Everyone has to be on the same page in order to make a meaningful change. As such, you should host regular meetings with your leadership team. Encourage them to share ideas and feedback so that you can continually improve your approach. These meetings equip leaders with the tools and resources they need to serve as role models. Video conferencing platforms and Project Management tools are also great additions to your team meetings, as they streamline the online collaboration process and make the online training experience more engaging and effective.

5. Knowledge Sharing (Team Learning)

Collaboration is key in learning organizations. Every member of the group must be aware of the learning objectives and desired outcomes, and then work as a collective problem-solving team to achieve their goals. In most cases, this calls for a knowledge-sharing infrastructure. For example, an online training repository where corporate learners can share links and learner-generated online training content with their peers. Everyone benefits from the expertise and skill sets of the group. Likewise, they are able to deepen their own comprehension by sharing information with peers, as it involves active recall and reinforcement.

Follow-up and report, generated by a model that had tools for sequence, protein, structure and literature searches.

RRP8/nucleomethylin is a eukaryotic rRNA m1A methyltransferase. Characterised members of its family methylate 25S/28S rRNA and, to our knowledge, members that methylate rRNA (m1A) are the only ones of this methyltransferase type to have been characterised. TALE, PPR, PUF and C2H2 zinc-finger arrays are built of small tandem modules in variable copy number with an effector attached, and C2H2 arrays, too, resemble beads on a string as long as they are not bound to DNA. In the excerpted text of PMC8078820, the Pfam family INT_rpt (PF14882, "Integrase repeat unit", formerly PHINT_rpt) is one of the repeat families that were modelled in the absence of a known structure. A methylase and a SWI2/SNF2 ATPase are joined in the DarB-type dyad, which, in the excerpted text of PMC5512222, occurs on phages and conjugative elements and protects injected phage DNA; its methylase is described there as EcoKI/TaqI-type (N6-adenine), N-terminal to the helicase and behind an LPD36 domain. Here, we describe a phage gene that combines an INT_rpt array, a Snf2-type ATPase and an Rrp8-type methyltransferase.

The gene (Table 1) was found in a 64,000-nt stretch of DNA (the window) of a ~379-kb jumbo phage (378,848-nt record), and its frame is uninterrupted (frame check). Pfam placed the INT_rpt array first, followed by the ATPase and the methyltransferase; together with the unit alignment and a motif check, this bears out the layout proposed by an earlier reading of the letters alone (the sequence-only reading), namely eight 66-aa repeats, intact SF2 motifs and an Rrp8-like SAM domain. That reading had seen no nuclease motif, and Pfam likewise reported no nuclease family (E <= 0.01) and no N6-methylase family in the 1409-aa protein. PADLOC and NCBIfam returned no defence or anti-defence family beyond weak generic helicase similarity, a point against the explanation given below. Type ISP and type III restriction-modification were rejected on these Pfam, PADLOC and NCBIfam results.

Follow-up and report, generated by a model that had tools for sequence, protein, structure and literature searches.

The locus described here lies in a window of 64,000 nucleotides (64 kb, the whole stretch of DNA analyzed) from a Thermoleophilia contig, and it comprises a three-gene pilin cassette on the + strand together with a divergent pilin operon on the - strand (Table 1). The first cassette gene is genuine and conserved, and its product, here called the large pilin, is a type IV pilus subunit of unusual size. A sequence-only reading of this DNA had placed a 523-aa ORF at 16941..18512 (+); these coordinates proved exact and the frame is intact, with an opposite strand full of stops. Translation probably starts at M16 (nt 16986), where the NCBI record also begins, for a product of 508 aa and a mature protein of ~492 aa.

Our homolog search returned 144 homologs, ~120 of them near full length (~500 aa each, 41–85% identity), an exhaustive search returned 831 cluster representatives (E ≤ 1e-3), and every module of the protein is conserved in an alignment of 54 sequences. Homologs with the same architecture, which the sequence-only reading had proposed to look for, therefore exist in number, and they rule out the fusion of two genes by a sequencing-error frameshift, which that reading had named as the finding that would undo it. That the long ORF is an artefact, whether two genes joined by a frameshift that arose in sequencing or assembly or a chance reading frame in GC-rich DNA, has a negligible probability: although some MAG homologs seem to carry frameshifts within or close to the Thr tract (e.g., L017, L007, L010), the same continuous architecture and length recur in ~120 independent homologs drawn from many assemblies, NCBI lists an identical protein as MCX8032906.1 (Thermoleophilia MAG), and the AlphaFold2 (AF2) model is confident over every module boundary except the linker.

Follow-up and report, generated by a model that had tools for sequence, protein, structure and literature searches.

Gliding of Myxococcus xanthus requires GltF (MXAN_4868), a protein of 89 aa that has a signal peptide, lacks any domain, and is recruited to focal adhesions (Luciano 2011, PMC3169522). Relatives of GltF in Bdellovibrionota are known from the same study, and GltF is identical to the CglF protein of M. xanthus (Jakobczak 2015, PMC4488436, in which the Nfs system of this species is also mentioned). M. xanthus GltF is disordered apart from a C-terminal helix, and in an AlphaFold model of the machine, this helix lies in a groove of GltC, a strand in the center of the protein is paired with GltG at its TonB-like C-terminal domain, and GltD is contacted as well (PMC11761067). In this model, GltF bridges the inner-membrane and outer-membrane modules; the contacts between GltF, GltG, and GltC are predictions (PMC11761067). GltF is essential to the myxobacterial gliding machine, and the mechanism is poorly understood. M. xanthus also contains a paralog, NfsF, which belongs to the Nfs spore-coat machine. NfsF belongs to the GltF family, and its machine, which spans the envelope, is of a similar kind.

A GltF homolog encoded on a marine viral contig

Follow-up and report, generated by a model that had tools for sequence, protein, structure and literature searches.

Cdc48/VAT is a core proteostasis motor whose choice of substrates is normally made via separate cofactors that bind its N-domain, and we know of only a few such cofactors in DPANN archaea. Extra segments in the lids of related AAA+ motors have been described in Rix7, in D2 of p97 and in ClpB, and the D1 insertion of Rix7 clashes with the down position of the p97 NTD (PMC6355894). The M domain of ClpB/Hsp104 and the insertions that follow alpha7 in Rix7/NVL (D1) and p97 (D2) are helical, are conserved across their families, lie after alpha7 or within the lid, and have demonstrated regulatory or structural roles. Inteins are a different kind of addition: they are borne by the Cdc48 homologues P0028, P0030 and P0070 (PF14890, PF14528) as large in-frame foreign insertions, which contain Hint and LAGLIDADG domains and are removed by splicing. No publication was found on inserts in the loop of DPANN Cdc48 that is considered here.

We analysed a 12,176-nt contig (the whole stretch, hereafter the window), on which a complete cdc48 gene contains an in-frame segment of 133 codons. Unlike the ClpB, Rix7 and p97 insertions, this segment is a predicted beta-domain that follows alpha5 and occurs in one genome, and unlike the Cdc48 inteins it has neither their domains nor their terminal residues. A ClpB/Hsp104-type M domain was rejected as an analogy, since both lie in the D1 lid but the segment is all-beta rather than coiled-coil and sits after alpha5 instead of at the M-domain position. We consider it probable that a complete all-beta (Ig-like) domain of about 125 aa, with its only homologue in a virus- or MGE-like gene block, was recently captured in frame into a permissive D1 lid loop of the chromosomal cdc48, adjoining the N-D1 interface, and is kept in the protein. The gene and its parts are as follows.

Effective learning organizations share these 5 common traits. They foster lifelong learning and ongoing collaboration, which fuels the success of the entire group. Everyone has the chance to make mistakes and learn from them, which leads to new groundbreaking ideas and profit-building opportunities. As such, learning organizations have the power to improve online training ROI and employee satisfaction.

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References

[1] Senge, Peter. 1990. The Fifth Discipline: Τhe Art and Practice of the Learning Organization. New York: Doubleday